Re-connecting with her Colombian roots has been transformational for Alejandra. As Fonseca sings, she is finding in her roots the answer to an undeciphered story. It’s a story she’s currently writing, in a project she has tentatively called ‘Letters to Stella’. Stella was Alejandra’s grandmother, with whom she was very close. Stella would sometimes visit from Colombia, and Alejandra would sometimes go there to visit Stella. Sometimes, when she’s feeling down or overwhelmed, she thinks about Stella and what she would say to her in those moments. So she had this book idea where she’d be writing letters to Stella.

“She was always cheering me on and just so curious about my life.”

Were Stella alive today, there is no doubt she would be fascinated, and proud, of Alejandra’s life. She is pursuing her dream, she is re-connecting with Colombia, she’s dancing away in her apartment, confined by COVID with her partner. But of course, this is just the beginning of Alejandra’s life, and her journey. As Fonseca says;

“The way grows long, and does not end.”

Except that Fonseca, like Alejandra, says it in Spanish.

Alejandra Botia salsa dance team.

Spotlight: Ece Aydin, CPA Undergrad Representative for the UBC-Okanagan campus

Ece Aydin.
Ece Aydin has lived in the same place now for three whole years. This is unusual for her, as she has previously moved around all over the world for her entire life. Ece came straight out of high school into psychology at UBC Okanagan – but high school was in Dubai. Born in Turkey, Ece moved to Europe when she was five. There was a time where her family moved back to Turkey, and since then she has gone to an international high school in countries all over the world. Her three years at UBCO are maybe the first time in a long time she has spent three years in just once place.

Ece decided she wanted to study psychology when she was fifteen. She was fascinated by human behaviour – how our thoughts influence our behaviour, and vice versa. She was comfortable with hearing problems and anxieties from her friends, and she was good at helping them out. Now, a few years later, Ece is a third-year psychology student at UBC Okanagan, and this year became an Undergrad Representative for the CPA. A straight line academically, if not geographically.

“The things I’m learning blow my mind every single day.”

After Ece finishes her undergrad, she hopes to go to grad school – and stay in the same area. She hopes to be able to do her grad school in Vancouver, and after that a PhD in counselling psychology. Her passion is child and developmental psychology, with an eye toward adolescent psychology and addiction one day.

“I really believe in early interventions. As a child we can be molded into any type of person. Especially with disorders as children, like ADHD or autism, I feel like diagnosis in early years is really important for children to be able to navigate their lives in the future.”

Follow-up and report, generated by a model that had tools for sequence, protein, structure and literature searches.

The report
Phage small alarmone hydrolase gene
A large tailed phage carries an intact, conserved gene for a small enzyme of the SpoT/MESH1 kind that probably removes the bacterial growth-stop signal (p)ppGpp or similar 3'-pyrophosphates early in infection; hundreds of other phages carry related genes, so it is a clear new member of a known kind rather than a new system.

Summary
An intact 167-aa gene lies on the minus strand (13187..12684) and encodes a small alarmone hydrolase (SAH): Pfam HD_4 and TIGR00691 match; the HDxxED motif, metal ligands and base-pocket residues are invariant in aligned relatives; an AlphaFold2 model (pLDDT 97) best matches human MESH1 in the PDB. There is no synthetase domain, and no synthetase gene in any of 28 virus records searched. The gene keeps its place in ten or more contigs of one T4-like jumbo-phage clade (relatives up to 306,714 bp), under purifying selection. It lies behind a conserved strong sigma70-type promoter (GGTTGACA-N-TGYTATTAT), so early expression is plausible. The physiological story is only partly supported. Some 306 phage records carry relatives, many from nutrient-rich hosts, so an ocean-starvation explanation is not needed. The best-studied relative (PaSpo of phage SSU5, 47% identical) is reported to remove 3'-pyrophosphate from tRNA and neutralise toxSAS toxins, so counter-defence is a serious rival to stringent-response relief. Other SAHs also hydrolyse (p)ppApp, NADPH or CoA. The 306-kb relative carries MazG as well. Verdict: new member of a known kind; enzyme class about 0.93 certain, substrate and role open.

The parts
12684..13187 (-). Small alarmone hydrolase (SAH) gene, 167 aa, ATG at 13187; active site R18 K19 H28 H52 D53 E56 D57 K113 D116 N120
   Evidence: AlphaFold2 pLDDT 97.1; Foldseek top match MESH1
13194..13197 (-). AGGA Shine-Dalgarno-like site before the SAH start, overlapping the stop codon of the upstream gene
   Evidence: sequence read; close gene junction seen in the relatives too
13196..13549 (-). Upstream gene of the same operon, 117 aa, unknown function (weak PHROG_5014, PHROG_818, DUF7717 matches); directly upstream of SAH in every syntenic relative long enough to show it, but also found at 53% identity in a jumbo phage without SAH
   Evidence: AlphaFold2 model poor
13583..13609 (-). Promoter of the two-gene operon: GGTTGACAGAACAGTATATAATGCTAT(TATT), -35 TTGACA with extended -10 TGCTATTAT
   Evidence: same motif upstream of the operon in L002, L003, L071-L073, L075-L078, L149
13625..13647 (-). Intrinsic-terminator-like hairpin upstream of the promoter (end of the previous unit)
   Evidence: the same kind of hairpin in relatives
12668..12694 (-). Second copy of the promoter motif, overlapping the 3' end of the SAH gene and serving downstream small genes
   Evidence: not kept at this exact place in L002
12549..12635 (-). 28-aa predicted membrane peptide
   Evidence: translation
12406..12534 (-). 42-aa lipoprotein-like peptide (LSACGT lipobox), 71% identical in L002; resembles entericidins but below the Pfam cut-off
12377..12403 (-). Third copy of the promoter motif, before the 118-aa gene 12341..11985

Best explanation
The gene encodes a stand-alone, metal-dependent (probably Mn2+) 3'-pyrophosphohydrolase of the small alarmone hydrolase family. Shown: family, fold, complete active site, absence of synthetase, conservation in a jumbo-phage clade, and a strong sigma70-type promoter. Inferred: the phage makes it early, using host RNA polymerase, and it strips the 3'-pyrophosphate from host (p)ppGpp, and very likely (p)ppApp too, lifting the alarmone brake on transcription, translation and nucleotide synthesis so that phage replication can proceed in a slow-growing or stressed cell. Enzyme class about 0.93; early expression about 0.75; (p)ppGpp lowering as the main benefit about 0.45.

When it comes to addiction, Ece really feels that early intervention is key, but also that the stigma society places on those who suffer can be overcome. That people who have substance use difficulties can be accepted, and integrated into society, in a more accepting way than they currently are. The destigmatization of addiction is something that comes up often in our conversation.

TAKE FIVE WITH ECE AYDIN

What is the psychological concept that blew you away when you first heard it?
I think it was something I learned in one of my psych classes in grade 11. It was the first time I heard about the fundamental attribution error. Which basically means that when we make a mistake, we tend to blame external factors, like our environment. But when someone else makes the same mistake as we did, we tend to blame it on their personal flaws. I never knew that I was actually doing this, until it was defined and had a name associated with it.

You can listen to only one musical artist/group for the rest of your life. Who is it?
It’s probably Amy Winehouse, as depressing as that may sound. But it’s very peaceful for me, and it has a lot of sentimental meaning for me as her album was one of the first birthday presents I remember receiving.

Top three websites or apps you could not live without and why
My messaging app, because I have to keep in contact with people, especially right now. There are people I haven’t seen in many months with whom I like to be in constant contact. Also the CNN international news, because I kind of get anxious when I don’t know what’s going on around the world. And for the third one…I guess Pinterest. I like the whole ‘organizing’ aspect of it.

If you could spend a day in someone else’s shoes who would it be and why?
That’s a very hard question. I remember when I was a kid seeing Doctors Without Borders on TV, and I think I would really like to see what that’s like. To see how it is that they’re so selfless that they go into situations that we couldn’t even imagine.

If you could become an expert at something outside psychology, what would it be?
Definitely art. It’s something I do in my personal time, and I would want to be an amazing artist, or an art critic. I want to be able to see a piece of art and define right away what it is, what the story behind it is, and what emotion they’re trying to convey.

“Whoever you are, and whatever addiction you might be going through, that doesn’t define you as a person. That’s just something you went through. And I hope to get out there and help others understand exactly what addiction is.”